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April 24, 2019 - Comments Off on The cost of fixing COBOL bugs

The cost of fixing COBOL bugs

April 24, 2019

by Greg Brueggeman

COBOL maintenance costs are rising as aging developers leave the workforce and well-trained replacements are in short supply.

Learn about how pervasive COBOL-based applications remain, why the supporting developer workforce is shrinking every year, and scrutinize our estimates of how high these applications' maintenance costs are rising.

Excerpt

COBOL was adopted by the business world starting in 1960, and because of its simplicity and reliability, COBOL-based applications remain entrenched in mainframe-dependent industries such as government and finance. The Social Security Administration (SSA) and Internal Revenue Service (IRS) rely on approximately 110 million lines of COBOL code combined daily. An estimated $3 trillion a day and 90% of all ATM and in-person financial transactions are handled by COBOL-supported systems.

Read more at CodeCatalyst.ai

December 19, 2018 - Comments Off on Phase Change unveils COBOL Colleague product website

Phase Change unveils COBOL Colleague product website

December 18, 2018

by Todd Erickson

Phase Change announces the launch of its initial product website – CodeCatalyst.ai. The website will support the company's market entry product, COBOL Colleague, the first cognitive tool for software development, by targeting organizations that rely on COBOL-based applications for critical business operations.

The CodeCatalyst.ai website details how COBOL Colleague will assist COBOL reliant organizations with their unique issues, such as a vanishing workforce, lost application knowledge, and lagging productivity.

COBOL Colleague reads-in the source code, extracts the embedded concepts, discovers the dependencies, reveals the buried knowledge, and becomes an expert that never tires and never leaves.

Natural-language-interaction enables developers and stakeholders with limited COBOL experience to collaborate with the cognitive agent and work productively with their COBOL applications.

Find bugs and dead code in seconds, not minutes or hours. Make changes with full knowledge of the downstream impact. Confidently add new features, products, and services. Empower anyone with a basic understanding of COBOL to interact and engage with your COBOL applications.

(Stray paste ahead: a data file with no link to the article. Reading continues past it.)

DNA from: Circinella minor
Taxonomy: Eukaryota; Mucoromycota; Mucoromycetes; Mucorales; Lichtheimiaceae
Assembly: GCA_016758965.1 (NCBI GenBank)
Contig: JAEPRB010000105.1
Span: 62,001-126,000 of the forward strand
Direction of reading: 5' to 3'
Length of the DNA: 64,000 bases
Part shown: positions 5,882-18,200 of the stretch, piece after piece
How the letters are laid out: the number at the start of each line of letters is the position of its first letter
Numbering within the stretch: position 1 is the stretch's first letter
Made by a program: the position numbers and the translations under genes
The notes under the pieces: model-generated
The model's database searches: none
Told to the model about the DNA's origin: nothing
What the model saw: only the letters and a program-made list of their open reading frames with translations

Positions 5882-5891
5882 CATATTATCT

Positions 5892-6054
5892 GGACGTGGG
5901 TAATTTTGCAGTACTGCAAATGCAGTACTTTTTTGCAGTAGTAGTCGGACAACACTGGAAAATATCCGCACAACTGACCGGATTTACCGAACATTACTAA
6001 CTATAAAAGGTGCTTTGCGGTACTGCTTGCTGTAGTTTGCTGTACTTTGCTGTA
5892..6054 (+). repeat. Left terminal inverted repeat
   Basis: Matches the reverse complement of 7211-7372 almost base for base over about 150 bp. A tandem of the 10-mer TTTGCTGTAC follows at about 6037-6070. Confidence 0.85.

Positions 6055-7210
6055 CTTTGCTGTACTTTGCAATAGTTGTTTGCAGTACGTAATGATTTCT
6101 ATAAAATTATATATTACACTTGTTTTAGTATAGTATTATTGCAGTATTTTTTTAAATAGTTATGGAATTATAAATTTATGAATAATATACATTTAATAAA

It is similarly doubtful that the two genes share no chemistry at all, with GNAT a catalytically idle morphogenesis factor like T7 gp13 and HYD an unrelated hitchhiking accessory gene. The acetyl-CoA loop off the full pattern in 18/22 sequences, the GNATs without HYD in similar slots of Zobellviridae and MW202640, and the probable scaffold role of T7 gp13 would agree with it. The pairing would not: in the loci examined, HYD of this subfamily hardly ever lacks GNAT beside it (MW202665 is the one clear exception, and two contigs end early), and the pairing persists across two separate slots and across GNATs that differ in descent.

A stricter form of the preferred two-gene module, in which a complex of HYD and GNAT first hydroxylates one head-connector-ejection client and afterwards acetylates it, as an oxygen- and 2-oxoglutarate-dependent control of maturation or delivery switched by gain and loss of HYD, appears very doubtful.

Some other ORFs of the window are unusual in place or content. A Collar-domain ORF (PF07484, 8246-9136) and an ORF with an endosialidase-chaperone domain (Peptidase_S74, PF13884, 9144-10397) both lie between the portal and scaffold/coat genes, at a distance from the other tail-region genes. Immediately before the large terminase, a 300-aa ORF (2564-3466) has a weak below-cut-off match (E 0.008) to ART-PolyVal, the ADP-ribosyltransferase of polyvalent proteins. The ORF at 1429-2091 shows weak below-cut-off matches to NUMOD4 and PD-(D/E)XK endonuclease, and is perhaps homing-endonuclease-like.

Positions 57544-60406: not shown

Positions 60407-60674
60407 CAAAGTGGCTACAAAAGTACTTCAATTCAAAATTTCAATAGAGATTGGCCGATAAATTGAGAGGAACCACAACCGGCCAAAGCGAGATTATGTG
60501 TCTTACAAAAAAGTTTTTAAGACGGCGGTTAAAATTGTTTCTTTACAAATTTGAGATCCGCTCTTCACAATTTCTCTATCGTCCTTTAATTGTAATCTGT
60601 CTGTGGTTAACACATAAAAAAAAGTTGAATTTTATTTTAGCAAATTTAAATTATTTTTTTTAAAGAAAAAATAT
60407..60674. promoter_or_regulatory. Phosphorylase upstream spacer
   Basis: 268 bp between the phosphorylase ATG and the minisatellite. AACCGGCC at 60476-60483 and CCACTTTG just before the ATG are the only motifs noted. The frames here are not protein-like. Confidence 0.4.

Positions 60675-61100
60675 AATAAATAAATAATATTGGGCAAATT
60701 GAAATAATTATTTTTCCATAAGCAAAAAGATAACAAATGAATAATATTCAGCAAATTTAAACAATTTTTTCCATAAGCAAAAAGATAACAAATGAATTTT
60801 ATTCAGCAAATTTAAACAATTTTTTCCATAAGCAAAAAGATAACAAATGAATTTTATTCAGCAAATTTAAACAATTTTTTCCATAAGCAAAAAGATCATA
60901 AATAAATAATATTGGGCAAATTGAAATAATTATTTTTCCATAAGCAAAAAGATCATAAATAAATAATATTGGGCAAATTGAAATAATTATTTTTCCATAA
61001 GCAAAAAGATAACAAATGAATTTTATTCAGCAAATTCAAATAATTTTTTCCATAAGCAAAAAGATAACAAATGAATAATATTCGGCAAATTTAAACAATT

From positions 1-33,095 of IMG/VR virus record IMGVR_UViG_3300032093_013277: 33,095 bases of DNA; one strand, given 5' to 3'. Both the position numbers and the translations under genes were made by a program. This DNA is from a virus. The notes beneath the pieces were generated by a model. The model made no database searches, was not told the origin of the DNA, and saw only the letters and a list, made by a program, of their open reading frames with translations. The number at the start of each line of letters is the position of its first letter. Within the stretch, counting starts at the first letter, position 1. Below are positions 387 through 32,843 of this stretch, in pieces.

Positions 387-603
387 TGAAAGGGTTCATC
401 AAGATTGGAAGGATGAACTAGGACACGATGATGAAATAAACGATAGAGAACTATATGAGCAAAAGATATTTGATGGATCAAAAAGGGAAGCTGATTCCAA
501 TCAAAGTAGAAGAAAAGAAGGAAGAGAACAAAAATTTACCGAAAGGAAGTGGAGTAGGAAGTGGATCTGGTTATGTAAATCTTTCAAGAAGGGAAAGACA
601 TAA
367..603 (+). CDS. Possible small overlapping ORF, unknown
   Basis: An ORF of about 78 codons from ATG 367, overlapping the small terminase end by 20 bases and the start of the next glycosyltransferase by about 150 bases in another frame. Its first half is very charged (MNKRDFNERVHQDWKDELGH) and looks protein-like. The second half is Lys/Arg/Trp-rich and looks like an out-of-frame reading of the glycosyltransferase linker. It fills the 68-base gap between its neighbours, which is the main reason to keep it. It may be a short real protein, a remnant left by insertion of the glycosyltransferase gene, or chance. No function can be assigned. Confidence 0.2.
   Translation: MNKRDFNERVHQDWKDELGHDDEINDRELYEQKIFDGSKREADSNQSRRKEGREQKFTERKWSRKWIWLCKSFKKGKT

Everything you dreamed of in COBOL-based environments is now a reality. Visit CodeCatalyst.ai.

Todd Erickson is a tech writer with Phase Change Software. You can reach him at terickson@phasechange.ai.

January 25, 2018 - Comments Off on Introducing Mia — the first assistive AI for software development

Introducing Mia — the first assistive AI for software development

January 25, 2018

by Todd Erickson

Phase Change proudly presents our maiden in-house video, featuring Mia, the first assistive AI for software development.

Mia helps organizations retain the expert knowledge encoded in software. Developers, stakeholders, and executives can use this knowledge to better understand their applications and increase development productivity by a factor of 100.

Learn why founder and CEO Steve Bucuvalas first began to envision the technology and see how Mia collaborates like an expert to help users explore and comprehend their software.

Discover why one executive said, "I never thought I'd see this in my lifetime."

 

 

Todd Erickson is a tech writer with Phase Change. You can reach him at terickson@phasechange.ai.

August 4, 2017 - Comments Off on Phase Change enables market adaptability through impact analysis

Phase Change enables market adaptability through impact analysis

August 4, 2017

by Todd Erickson

Gary Brach, Ken Hei, and Brad Cleavenger discuss how Phase Change's assistive AI removes the doubt associated with changing software applications.

Changing software is difficult and expensive, and it can be a major stumbling block to business innovation.

Phase Change's assistive AI will enable software teams to quickly and fearlessly address market opportunities by rapidly assessing the scope and viability of proposed software modifications, and then efficiently making changes without adding the technical debt that reduces system performance and application life span.